Sunday, July 26, 2009

Racing's Pricing Problems

Merely shrinking thoroughbred racing, as I proposed in my last post, would not, in itself, be enough to sustain the health of the industry, especially when racing is faced with a malevolent mix of (1) tough competition from casinos for the gambling dollar, (2) shorter attention spans in Generations X, Y, Z and whatever else followed us baby boomers, (3) decreasing discretionary income for most Americans, and (4) the continuing blots on our image from drugs, breakdowns and the neglect of horses (a special thanks to Ernie Paragallo for keeping that one in the news).

But there are some things we could fix, especially in the area of pricing. A more coordinated industry, and one that has racing as its primary focus (as contrasted, say, to Churchill Downs Inc.'s apparent focus on online bet-taking) could take some important steps that would attract more fans to live racing, increase handle, both on-track and off, and provide a fair division of revenue as between the track owners and the content providers, i.e., owners, trainers and jockeys.

1. Why Aren't Race Tracks More Like Casinos?

One of racing fans' persistent complaints is the nickel-and-diming by track management for admission, reserved seats and parking, combined with the outrageous prices for very ordinary food. Most casinos, in contrast, offer free admission, often with a refund of some part of public transportation costs for those arriving other than by car. I can take a bus from NYC to Atlantic City for $35 round trip, then have the casino hand me $25 in cash when I arrive. Try that at your local race track; actually, I have; the Long island Railroad charges me $12 for a round trip from Penn Station to Belmont, and I've never seen a NYRA staffer waiting at the station to hand me $5 or $10 back, even in the form of a betting voucher. Parking at most casinos is free, though a few might charge $5, often refunded if you're a regular. And if you're playing at a casino, the drinks are free -- well, a $1 tip is expected, but that's a lot cheaper than the $6-plus beers at most race tracks. True, the restaurants in most casinos are no bargain if you're paying in cash, but again, if you're a regular, you'll be accumulating "comp" points that you can use to lessen the damage by paying all or part of your restaurant bill.

I find it hard to believe that race tracks actually make money by charging for parking, once the cost of paying the parking lot attendants is figured in. And whatever pittance the tracks do make would be far offset by increased handle from those fans who resent the charge and don't bother to go. Similarly, free admission seems an obvious winner; every additional fan attracted by the freebie will certainly contribute more in betting handle than whatever he/she would have paid at the gate. Even if general admission is only a couple of bucks, that's enough of a deterrent to keep a lot of people away. And if you want to have a clubhouse that exudes higher class, why not do that by having a dress code (in Kentucky, anyway, that could be "church or business attire," a phrase one doesn't often encounter on the coasts), rather than a fancy admission price. Rich -- and not-so-rich -- horse owners get into the track for free, but guys on Social Security who want to hang out with friends and make the occasional $2 bet have to pay -- what's wrong with that picture?

A good example of the power of low-cost options is Churchill Downs' recent experience with Friday-night racing. Offering discounted admission for seniors and Twin Spires card holders, Churchill drew crowds that are huge by today's standards, on the order of 30,000. After a first-time disaster, when there weren't enough concession stands to handle the crowd, Churchill apologized, drafting everyone up to CEO Bob Evans to pour $1 beers, and apparently gained back lots of good will. True, Louisville is a particularly horse-centered town, but even so, good promotion and cheap prices showed what can be done.

As a trendy new book points out, "free" is a powerful price. Google has grown to be one of the largest companies in the world by offering its principal products for free, then cashing in on advertising. Other businesses give some things away cheaply or for free and make money by selling other things (razors and razor blades, printers and toner). That's what racing should be doing. Free admission and free parking are no-brainers. Cheap soft drinks, water and beer are equally obvious. Want people to bet? Give them a usable program for $1. If they want more, they can move to the Daily Racing Form, BRISnet or the Sheets. Make the track experience cheap and easy. How hard can that be?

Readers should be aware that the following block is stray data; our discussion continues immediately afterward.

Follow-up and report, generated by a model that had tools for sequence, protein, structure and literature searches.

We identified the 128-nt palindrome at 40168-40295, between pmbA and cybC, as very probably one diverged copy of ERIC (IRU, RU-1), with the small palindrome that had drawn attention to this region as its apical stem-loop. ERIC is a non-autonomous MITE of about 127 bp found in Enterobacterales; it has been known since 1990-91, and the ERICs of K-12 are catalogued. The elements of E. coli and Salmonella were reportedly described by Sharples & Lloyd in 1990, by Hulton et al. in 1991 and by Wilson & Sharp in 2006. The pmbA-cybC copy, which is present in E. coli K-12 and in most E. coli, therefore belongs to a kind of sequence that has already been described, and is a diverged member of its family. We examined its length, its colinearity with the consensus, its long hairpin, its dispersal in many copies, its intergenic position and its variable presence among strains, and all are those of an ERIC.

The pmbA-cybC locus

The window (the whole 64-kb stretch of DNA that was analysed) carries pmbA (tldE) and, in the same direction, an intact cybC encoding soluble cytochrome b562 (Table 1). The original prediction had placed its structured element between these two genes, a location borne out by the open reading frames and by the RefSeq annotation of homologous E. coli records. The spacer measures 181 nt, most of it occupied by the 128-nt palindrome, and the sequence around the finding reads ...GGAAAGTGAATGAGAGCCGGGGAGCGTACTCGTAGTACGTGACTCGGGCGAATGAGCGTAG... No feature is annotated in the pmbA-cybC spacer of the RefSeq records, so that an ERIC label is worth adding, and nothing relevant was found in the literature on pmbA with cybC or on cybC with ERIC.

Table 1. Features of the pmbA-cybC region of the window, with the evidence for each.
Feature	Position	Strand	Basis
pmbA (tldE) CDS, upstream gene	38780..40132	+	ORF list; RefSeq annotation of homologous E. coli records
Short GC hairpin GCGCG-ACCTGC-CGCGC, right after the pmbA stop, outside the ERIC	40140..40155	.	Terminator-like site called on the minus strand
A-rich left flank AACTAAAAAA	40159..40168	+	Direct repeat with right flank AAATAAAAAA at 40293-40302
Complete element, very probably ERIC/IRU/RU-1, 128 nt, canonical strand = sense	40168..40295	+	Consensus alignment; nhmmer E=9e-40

And, while you're at it, why not a customer rewards program as robust as that of the casinos? Offer everyone who walks in the door a "player's card," then use it to track their bets, with proportionate rewards, not just the minor rebates on betting that some tracks now offer, but also discounts on food and drink, preference for seats for the big days, etc. And use the information from the players' cards to direct targeted advertising, just as the casinos do. That builds brand loyalty at hardly any additional expense.

2. Takeout - The Big Bad Price

Everyone who's taken Economics 101 knows that, in theory, a lower price leads to higher volume. So, in theory, lowering takeout should mean that handle will increase. But, again applying those not-so-useful rules from Econ. 101, any business needs to determine where in that supply-demand equation it can make the most profit. If a track with a average 20% takout does $100,000 in handle (let's leave out simulcast handle for now -- that's a whole different problem, discussed below), it makes $20,000. To make the same $20,000 at 10% takeout, it needs to double the handle to $200,000. Will that happen, or will the growth in handle lag behind the decline in takeout? Despite the earnest claims of the Horseplayers Association of North America, there's just not enough evidence to know for sure where the ideal price point is. HANA's rankings give their highest grades (B+ -- evidently no track meets their demanding standards for an A) to Keeneland and Churchill, which charge 16% on win-place-show bets and 19% on all multiple and exotic wagers. At the other end of the scale, with F grades, are Assinoibia and Suffolk, with takeout rates of 26-29%; Frank Brunetti's Hialeah, in its dying days, went even higher. Every casino game has lower takeout than that, ranging from about 10% on penny slot machines down to 1-2% on blackjack and some other table games. In poker, the casino game that most closely resembles parimutuel betting, because one is playing against other bettors, rather than against the house, the takeout, whether in the form of a "rake" from each hand or a seat-rental charge, ranges from perhaps 10% in low-stakes games down to as little as 0.5% in the high-stakes games in Las Vegas. When the "comps" earned by players are added back in, it's possible to play certain games at certain casinos for what amounts to a microscopic take.